During night prayer, John Boorman used to weave a mystical spell with his softly spoken prayers. John had an intellectual disability, he had micro encephalus and had moved from a mental institution to live in a l’Arche community. He prayed with an immense freedom. Knowing no geographical or historical boundaries, he would pray for birds, trees, flowers, rivers, mountains, those who peopled his present day, and people long dead: ‘Mr Stalin, Mr Churchill, Mr Hitler and Mr Roosevelt.’ It was as if they were present to him in that room. I was always touched by his faithfulness in praying for those wartime leaders, all of whom had presided over their countries in a period when humanity was ripping itself apart.
Particularly clear to John was the interconnectedness of all that has life. Had he had the privilege of living in New Zealand, the concept of whakawhanaungatanga – relating to others – would have been utterly familiar to him.
In our thinking about stewardship, we are working this year with theme of ‘Belonging’. Four years ago, I visited Auschwitz and in the depths of my being, felt the horror of what happens when, for whatever reason, one part of humanity decides that it does not belong with another part of humanity. I stood in the tiny underground starvation bunker where Maximillian Kolbe was euthanized after taking the place of another prisoner. Reports of the days before his death tell us of his peacefulness and joy when looking into the faces of his guards and even his executioner. People reported that he was constantly in prayer.
Whenever, as Maximillian Kolbe did, we pray the Our Father, we acknowledge our belonging to God, but also to one another.
In our parishes, there is always a danger when like-minded people get together. Jesus speaks of it: ‘When you give a luncheon or a dinner do not invite your friends, or your brothers or your relatives or rich neighbours in case they may invite you back.’ That way our worlds are hermetically sealed, our horizons are never expanded, and we run the risk of confirming only what we already know. Worse still, we may engage in a ‘wonderful’ clique where we flatter each other, admiring each other’s wonderfulness, and fail to challenge each other to greater things.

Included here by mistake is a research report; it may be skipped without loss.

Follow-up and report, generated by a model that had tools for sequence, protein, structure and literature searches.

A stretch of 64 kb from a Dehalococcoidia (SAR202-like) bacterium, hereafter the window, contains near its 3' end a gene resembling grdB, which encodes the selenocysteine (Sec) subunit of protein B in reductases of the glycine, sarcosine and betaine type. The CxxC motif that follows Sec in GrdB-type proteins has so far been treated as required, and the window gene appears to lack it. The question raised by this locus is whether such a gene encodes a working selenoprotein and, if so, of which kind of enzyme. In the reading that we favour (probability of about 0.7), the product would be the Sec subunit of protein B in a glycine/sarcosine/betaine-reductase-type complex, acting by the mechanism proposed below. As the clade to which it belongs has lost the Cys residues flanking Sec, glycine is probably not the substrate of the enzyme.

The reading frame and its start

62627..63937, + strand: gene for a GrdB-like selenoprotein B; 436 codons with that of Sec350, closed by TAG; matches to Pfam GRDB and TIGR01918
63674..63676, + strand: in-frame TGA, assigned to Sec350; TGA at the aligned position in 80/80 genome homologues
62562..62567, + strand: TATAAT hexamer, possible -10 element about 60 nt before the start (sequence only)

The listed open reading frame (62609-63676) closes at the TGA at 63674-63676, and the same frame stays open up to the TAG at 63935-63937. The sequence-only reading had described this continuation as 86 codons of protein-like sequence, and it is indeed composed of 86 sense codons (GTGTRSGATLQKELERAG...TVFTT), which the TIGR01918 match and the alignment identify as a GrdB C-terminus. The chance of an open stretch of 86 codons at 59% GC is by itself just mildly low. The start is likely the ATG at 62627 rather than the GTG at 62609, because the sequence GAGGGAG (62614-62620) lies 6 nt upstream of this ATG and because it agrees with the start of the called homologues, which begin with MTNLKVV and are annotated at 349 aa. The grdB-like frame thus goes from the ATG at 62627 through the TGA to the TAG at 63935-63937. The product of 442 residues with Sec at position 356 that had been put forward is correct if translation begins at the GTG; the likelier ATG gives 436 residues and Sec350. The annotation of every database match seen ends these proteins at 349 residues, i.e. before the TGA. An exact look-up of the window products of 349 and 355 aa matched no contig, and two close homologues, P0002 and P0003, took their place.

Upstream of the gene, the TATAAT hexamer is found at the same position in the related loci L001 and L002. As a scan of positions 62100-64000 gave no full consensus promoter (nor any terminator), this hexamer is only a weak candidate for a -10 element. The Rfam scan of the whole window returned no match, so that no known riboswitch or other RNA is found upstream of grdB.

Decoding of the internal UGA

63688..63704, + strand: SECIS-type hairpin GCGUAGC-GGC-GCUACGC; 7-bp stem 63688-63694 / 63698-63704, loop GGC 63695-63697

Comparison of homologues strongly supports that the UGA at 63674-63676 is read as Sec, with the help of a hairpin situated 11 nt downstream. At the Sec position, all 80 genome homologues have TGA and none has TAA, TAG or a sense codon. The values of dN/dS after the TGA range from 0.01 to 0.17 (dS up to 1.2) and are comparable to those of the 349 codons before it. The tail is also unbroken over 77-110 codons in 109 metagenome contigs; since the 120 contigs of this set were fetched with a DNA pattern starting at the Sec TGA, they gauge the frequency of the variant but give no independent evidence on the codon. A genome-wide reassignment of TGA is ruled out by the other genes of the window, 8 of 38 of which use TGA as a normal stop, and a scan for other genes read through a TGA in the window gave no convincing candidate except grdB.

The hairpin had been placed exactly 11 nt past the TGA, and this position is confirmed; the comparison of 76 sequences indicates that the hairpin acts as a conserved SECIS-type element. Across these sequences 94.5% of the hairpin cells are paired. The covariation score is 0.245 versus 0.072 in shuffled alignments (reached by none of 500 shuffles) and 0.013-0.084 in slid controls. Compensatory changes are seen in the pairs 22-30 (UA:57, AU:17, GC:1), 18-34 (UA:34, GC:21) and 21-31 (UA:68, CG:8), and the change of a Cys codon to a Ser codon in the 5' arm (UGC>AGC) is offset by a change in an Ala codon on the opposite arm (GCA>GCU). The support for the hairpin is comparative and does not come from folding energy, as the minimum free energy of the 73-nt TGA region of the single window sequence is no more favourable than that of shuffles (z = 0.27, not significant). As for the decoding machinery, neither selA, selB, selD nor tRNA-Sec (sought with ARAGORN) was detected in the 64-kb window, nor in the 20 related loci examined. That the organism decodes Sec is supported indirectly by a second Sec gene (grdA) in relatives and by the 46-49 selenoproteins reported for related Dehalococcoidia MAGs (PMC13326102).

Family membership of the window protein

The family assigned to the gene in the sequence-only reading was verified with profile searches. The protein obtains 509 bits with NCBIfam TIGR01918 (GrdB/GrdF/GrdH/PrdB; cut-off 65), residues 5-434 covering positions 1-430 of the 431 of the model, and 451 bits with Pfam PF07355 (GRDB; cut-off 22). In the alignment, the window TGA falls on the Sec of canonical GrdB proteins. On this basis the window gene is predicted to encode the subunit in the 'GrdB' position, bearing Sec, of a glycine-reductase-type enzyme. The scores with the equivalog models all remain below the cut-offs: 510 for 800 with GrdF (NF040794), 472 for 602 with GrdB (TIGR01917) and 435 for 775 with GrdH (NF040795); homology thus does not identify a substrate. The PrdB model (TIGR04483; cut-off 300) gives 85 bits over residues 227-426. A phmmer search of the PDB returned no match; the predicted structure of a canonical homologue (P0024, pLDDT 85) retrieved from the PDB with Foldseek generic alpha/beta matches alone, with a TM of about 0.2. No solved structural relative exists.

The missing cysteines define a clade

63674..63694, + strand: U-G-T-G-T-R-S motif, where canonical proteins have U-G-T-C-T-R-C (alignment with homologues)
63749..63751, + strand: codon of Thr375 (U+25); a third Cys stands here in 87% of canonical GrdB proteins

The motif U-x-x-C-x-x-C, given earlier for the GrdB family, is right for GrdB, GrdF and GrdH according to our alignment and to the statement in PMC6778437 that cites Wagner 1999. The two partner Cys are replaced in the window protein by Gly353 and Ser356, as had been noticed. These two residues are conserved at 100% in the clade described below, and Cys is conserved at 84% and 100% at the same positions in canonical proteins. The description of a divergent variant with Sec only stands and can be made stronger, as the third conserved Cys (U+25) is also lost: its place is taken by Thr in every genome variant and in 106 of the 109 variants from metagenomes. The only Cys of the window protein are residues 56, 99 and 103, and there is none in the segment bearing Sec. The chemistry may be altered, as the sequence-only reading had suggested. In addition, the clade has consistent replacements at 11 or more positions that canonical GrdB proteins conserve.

No, when you give a banquet, says Jesus, ‘invite the poor, the crippled, the lame and the blind’. Welcome in your homes and parishes people of different life experiences and opinions! Don’t be frightened of people who think differently! Don’t be frightened of people who are different.
Archbishop John has visited all the pastoral areas throughout the diocese presenting ‘Understanding Church’. In his presentation, he cited Gaudium et Spes, the Pastoral Constitution on the Church in the Modern World. The preface expresses the solidarity of the Church with the whole human family: ‘The joy and hope, the grief and anguish of the people of our time especially of those who are poor or afflicted in any way are the joy and hope, the grief and anguish of the followers of Christ as well.’.
When we make another’s grief and anguish our own, we become builders of peace. Peace is never just the absence of war or aggression. It is never about perpetuating the status quo. Peace can only come if we listen to each other, creating places where, despite our differences, we can discover how to be together and offer one another a place of belonging.
If stewardship means being one who takes care of the ‘household’, then stewards who have the capacity to create such places of belonging are truly caring for the household of God.